Moon Flower, Thorn Apple
Datura innoxia Mill. is the correct and accepted name of this species of Datura. However, this is an incorrect spelling. When Philip Miller first described this species, he purposely misspelled the Latin word “innoxius” which means unoffensive. Any Datura is offensive and can be lethal. Anyway, this species was first described in Gardener’s Dictionary in 1768. BUT, this is what TROPICOS says about the misspelling:
“Annotation: as “Inoxia”. “in-” is an inseparable particle prefixed to an adjective to reverse the meaning. The adjective here is noxius/a/um so the correct form of the compound is innoxius/a/um. Miller misspelled the epithet as “inoxius” which is correctable under Art. 60.1.”
The NEW Plants of the World Online maintained by Kew (a division of The Royal Botanical Garden, is using the original name, Datura innoxia, as the correct and accepted scientific name.
One day in July of 2012, while I was living at the mansion in Mississippi, there was a plant on my step. It looked like a Datura but I wasn’t 100% sure. I figured my good friend, Walley, had been the stork so I gave him a call. Sure enough, it was him that brought the plant. He said it was a Moon Flower. I looked it up online and found out it was a Datura innoxia. Besides being called a Moon Flower, it also is called Thorn Apple as well as other names. I could go into a good story about this Datura species but I am just going to give you several links below to check out.
Since the first time I did research on this species in 2013, several websites have changed the name from Datura inoxia to Datura innoxia. Some well-known websites and databases, such as the Missouri Botanical Garden (see link below) and the USDA Plant Database are STILL using Datura inoxia. The editor for the Wikipedia page of the species changed the name because it used to say Datura inoxia…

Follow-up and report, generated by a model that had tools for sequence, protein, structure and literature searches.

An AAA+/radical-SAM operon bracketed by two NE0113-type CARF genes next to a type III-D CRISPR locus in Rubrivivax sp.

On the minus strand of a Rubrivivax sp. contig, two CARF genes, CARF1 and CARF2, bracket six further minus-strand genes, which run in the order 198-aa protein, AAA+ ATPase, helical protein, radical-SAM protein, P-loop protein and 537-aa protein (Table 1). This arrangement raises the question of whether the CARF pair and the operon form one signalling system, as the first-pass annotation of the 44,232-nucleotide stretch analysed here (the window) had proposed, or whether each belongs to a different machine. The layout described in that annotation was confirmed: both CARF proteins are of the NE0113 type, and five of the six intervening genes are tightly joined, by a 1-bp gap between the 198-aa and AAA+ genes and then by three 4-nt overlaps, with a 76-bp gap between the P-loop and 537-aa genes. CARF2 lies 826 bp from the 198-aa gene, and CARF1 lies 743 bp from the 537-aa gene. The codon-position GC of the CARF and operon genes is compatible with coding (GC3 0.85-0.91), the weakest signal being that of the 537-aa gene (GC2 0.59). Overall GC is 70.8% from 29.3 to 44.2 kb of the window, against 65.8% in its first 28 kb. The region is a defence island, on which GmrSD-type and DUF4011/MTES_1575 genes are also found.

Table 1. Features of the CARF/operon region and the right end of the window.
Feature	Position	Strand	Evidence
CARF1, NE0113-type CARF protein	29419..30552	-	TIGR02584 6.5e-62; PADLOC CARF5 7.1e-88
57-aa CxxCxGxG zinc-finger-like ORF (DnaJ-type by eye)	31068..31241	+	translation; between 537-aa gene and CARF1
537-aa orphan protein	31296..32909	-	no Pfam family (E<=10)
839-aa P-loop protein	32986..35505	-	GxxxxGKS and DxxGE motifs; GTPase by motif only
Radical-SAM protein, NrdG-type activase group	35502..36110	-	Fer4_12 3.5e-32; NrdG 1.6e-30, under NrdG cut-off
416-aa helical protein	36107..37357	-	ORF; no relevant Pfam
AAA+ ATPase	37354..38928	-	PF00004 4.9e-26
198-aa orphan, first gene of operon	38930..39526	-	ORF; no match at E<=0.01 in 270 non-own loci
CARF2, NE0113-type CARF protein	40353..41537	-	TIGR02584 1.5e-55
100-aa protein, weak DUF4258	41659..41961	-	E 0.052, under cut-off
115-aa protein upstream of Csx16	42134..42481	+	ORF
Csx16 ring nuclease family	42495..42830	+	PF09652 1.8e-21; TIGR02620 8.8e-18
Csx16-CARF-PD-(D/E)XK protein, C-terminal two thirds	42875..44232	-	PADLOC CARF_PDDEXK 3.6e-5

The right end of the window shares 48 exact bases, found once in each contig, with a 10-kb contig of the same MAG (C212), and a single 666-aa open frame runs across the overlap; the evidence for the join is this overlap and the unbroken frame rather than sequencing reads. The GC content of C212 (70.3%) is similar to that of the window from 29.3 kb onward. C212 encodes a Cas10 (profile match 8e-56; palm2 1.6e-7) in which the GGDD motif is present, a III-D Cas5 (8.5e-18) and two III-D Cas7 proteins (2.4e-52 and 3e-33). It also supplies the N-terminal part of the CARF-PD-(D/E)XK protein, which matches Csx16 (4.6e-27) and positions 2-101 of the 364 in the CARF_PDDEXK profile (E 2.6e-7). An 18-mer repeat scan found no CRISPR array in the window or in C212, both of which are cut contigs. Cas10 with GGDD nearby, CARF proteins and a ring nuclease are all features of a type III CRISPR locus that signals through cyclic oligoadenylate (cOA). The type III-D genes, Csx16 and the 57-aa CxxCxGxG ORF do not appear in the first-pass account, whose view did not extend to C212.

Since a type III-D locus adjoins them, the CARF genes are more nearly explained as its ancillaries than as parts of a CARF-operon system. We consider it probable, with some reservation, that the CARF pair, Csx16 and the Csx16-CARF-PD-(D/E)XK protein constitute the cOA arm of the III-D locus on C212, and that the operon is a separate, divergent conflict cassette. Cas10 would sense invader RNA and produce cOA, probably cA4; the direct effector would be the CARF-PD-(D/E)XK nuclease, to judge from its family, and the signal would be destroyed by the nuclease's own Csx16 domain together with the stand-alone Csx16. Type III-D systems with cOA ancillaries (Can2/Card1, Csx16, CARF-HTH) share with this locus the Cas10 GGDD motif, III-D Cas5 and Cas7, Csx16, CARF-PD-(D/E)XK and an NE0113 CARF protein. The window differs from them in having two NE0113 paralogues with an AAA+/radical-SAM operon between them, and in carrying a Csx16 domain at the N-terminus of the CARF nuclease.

Strange how the Missouri Botanical Garden is using Datura inoxia as the name when Tropicos says Datura innoxia. Tropicos is maintained by the Missouri Botanical Gardens…
Origin: Central America
Zones: USDA zones 9-10
Flowers: Produces white, cream, pink, or lavender flowers from July until frost.
Light: Full sun to part shade. Mine were in part shade and still did well and flowered.
Although considered a herbaceous perennial, here in mid-Missouri they are grown as annuals. Seed dispersed from the seed pods may come up the following spring, otherwise, collect the seed for replanting. Information online also suggests the flowers only last one night, but I am not so sure about that…
If you grow this plant, just remember to be careful because of its toxicity. Wash your hands after touching it and keep children away from it.
I hope you enjoyed this page and maybe found it useful. If you have any comments, questions or suggestions, I would like to hear from you. Please click on “like” if you visited this page. It helps us bloggers stay motivated. 🙂 You can check out the links below for further reading. The links take you directly to the genus and species of this plant.